JEFFERSON CITY, Mo. – Could Missouri’s abortion ban prevent businesses and conventions from coming to the state?

The National Association of College Admission Counseling (NACAC) is still looking for where to hold their 2025 conference and while St. Louis and Kansas City are on the list, the organization is deciding if state policies like abortion should be a factor.

“I think we’re going to be written off the list for a lot of conventions,” Sen. Greg Razer (D-Kansas City) said Wednesday. “They say you jump into these social issues and they are going to run and that’s what we are seeing.”

Democrats like Razer say it was only a matter of time until the state’s trigger law affected business.

“I think we’re going to see conventions that would be coming to St. Louis or that would be Kansas City, throughout the state, moving,” Razer said. “This is something we’ve been warned about.”

Within minutes of the U.S. Supreme Court overturning Roe v. Wade last month, Missouri became the first state to ban abortion. The state’s trigger law makes all abortions illegal except for medical emergencies.

The General Assembly passed the “Right to Life of the Unborn Child Act” in 2019. Within the legislation, there’s a “trigger law,” meaning abortion would be abolished with a proclamation from the governor or the attorney general. The proclamation was signed minutes after the U.S. Supreme Court issued the decision by Attorney General Eric Schmitt.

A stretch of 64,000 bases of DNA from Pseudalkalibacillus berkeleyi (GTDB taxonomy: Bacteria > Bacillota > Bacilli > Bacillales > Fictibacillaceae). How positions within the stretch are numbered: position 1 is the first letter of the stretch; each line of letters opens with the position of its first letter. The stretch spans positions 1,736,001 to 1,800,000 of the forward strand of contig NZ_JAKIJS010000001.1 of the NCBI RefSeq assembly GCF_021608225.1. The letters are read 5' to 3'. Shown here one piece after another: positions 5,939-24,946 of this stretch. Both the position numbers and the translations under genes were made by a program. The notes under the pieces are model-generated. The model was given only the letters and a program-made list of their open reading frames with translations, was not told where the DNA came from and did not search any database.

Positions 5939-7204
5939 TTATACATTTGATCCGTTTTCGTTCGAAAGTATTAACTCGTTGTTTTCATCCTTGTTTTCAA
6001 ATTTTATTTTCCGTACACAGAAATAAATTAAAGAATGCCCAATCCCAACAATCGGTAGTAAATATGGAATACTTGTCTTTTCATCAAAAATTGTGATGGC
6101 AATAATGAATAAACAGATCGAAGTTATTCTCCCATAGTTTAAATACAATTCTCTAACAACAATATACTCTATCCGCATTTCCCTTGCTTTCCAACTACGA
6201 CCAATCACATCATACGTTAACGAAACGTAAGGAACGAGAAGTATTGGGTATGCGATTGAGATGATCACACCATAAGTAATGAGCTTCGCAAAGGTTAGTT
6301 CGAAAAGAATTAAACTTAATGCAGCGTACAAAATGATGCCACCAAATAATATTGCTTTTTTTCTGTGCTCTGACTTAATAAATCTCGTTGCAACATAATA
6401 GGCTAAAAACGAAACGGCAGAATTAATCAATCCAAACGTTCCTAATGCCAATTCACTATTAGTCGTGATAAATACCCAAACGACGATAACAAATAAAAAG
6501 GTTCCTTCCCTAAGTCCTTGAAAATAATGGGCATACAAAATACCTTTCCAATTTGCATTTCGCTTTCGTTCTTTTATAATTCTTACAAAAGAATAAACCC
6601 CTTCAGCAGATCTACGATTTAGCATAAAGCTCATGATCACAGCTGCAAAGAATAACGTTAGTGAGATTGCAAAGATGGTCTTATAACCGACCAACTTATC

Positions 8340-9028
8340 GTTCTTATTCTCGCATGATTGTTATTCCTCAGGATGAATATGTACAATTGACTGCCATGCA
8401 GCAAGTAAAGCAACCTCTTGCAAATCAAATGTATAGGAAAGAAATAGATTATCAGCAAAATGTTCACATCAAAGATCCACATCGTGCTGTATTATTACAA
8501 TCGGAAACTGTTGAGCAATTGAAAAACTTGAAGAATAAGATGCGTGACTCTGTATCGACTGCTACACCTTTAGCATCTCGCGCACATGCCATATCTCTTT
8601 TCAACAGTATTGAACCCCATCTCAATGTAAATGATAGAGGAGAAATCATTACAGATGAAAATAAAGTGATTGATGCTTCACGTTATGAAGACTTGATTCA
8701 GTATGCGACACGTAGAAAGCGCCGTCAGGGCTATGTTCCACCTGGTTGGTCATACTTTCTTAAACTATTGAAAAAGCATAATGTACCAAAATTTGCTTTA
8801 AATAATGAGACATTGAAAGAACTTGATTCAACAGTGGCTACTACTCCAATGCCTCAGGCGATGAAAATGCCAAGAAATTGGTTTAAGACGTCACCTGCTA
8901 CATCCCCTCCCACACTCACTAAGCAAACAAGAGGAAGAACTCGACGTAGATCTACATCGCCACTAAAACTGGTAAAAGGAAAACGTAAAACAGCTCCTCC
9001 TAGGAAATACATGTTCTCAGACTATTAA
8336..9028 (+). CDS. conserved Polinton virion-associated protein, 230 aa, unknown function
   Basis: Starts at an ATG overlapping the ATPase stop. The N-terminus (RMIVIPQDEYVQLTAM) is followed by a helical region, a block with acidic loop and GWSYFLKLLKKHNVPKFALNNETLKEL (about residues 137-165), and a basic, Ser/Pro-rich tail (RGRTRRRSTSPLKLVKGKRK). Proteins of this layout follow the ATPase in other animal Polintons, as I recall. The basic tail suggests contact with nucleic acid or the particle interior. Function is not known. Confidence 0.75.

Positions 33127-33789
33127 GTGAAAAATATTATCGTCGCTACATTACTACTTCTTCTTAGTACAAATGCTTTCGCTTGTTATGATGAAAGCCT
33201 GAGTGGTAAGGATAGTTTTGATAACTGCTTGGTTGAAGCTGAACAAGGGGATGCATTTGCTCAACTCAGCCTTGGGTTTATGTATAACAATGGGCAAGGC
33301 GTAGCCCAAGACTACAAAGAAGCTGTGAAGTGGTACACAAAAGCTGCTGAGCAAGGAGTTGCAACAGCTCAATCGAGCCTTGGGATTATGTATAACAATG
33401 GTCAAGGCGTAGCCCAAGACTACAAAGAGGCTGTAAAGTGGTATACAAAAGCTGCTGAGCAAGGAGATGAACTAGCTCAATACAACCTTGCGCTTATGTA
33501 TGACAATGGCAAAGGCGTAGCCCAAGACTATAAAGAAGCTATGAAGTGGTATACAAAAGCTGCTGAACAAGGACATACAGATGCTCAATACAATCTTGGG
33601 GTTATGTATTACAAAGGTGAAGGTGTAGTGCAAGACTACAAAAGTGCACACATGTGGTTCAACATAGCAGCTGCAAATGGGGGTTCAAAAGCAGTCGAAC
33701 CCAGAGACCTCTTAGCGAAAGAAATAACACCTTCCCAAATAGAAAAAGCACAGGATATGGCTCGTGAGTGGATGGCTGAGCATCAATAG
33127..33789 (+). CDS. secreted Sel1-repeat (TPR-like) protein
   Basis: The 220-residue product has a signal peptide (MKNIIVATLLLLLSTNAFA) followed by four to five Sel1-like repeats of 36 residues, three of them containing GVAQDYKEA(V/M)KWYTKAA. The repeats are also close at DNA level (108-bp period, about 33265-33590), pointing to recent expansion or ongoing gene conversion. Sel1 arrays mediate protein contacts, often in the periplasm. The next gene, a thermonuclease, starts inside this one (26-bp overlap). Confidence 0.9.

Hours after the decision was released, Planned Parenthood announced it stopped abortions in Missouri. The only clinic left that performed the procedure was in St. Louis in the Central West End.

“These are really anti-democratic groups who do not want the people of this state to set their own laws and I think that’s irresponsible and I think it’s anti-democratic,” U.S. Sen. Josh Hawley (R-Missouri) said.

Republicans like Hawley say the state’s law isn’t changing.

“It is vital that the people of Missouri not be held hostage by any corporation or woke group that wants to try and force the people of Missouri to change their laws,” Hawley said. “If Disney can’t blackmail Florida, these groups are not going to succeed in blackmailing Missourians.”

Dr. Colleen McNicholas, chief medical officer for Planned Parenthood of the St. Louis Region and Southwest Missouri, testified in front of a U.S. Senate committee Tuesday, telling members the clinic in southern Illinois has tripled the number of patients since the Supreme Court’s decision, saying wait times went from three days to three weeks.

Kansas City Mayor Quinton Lucas said in a statement, “Kansas City is committed to offering an equitable, welcoming, and inclusive environment for everyone, including our visitors. That commitment did not change with a flawed Supreme Court decision and will never change.”

In a tweet earlier this week, St. Louis Mayor Tishaura Jones said “abortion bans are bad for business.”

Melanie Marquez Parra, the chief communications officer for NACAC, told Missouri Chief Capitol Bureau reporter Emily Manley the organization’s board of directors and leadership team will meet later this summer to decide what parameters will be used in their decision.

Until then, “We are pausing our site selection process to weigh a range of factors. Kansas City and St. Louis are among several sites under consideration while our organization takes time this summer to discuss guiding principles for how event locations are chosen.”